‘Look,” he started as he tried to approach her calmly, "perhaps it was just someone who looked like your mom; I mean there are people out there who just have that kind of resemblance. Maybe you saw something you thought looked like her and concluded it was something you wanted to see. The mind can play tricks…”
Jessica grabbed a glass from her father's desk and threw it against the wall. It shattered into a million pieces, again shocking her father. "I'm not making this up! She’s Alive!"
Her father, stunned by her outburst, really wasn't ready to handle something like that. Instead of reaching out to her to try and calm the wild woman down, her father backed away into another room. She could hear the lock on his door click, signaling the end to their short yet disturbing conversation.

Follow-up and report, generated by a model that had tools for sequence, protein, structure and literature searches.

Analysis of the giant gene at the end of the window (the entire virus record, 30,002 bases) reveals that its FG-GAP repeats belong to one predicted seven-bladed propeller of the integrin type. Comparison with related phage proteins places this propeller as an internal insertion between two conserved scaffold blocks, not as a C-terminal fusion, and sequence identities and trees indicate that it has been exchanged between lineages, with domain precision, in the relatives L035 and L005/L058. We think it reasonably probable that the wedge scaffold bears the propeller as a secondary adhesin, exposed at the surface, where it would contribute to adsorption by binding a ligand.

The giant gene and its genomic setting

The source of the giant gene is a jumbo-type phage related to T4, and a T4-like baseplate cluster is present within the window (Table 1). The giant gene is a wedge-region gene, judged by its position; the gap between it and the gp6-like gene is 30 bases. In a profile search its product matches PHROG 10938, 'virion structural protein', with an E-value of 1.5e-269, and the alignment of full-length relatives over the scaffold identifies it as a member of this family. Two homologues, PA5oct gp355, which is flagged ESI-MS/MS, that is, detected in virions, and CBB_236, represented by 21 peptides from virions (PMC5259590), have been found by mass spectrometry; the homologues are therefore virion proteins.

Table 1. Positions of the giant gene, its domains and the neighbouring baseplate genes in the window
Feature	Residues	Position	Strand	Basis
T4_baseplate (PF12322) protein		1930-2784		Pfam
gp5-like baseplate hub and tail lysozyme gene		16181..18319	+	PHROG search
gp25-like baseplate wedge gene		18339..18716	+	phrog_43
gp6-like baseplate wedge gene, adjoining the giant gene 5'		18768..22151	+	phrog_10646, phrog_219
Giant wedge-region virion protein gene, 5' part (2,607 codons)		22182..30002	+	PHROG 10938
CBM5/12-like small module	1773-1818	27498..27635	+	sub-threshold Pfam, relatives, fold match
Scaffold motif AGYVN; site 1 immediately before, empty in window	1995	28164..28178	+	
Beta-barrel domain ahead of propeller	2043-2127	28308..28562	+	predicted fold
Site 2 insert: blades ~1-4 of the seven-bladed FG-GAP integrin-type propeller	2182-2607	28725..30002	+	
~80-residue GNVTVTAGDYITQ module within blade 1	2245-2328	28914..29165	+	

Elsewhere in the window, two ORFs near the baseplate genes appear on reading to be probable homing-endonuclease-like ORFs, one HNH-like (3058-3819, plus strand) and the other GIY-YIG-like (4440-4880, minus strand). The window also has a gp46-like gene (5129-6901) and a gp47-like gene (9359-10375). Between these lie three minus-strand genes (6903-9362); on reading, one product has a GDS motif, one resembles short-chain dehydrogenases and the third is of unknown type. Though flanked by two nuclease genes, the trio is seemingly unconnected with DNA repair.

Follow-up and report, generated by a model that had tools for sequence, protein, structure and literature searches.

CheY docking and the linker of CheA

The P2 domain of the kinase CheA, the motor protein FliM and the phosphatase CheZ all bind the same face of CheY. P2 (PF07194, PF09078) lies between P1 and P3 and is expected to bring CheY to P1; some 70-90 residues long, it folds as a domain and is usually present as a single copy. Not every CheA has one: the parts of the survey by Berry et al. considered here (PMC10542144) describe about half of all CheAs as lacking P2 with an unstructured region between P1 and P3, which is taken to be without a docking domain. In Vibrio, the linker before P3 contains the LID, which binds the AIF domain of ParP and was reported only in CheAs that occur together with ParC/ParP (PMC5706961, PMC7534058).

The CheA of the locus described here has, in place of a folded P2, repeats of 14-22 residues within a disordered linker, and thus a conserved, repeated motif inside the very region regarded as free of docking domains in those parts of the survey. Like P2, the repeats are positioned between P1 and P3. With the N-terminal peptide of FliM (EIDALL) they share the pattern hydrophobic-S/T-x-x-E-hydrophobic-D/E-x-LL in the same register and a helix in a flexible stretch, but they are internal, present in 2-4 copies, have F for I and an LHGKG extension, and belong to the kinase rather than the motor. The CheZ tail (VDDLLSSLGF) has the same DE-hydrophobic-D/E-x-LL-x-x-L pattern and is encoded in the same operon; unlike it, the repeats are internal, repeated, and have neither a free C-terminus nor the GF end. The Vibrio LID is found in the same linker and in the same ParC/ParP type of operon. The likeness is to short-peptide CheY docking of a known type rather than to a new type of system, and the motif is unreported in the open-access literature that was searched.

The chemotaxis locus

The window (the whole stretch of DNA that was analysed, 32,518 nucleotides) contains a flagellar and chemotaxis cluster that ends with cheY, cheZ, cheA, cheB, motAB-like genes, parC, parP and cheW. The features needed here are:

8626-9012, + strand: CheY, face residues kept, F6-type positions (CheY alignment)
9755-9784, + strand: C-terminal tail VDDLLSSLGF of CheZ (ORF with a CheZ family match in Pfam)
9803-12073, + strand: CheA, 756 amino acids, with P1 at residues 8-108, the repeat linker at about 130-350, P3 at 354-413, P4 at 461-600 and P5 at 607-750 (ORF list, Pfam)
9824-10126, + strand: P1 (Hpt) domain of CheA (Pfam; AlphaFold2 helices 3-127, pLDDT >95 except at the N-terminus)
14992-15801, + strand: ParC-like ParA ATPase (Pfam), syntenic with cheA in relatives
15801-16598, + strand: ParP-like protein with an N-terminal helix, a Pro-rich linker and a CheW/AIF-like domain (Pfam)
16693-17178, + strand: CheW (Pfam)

It was obvious that her father didn't want to deal with this; the mere suggestion scared him. Chances were that her actions were too much for him to handle, but Jessica couldn’t help how she felt any more than he could. She couldn’t read her father at all at this point. She kept asking herself whether or not this was an act. Regardless of whether he knew or not, he wasn't going to lift a finger to help her find the truth about her mother. She was going to have to do this herself. Jessica picked up her coat and slowly walked to the door of her father’s den. As she stepped left his sight, Jessica knew that there must be someone out there that could help her. She didn't know where to find that help. She'd have to try to find someone in the morning, after she had a chance to sleep on it. Jessica left the key on a table by the main door and quietly left the house. She would never come home again.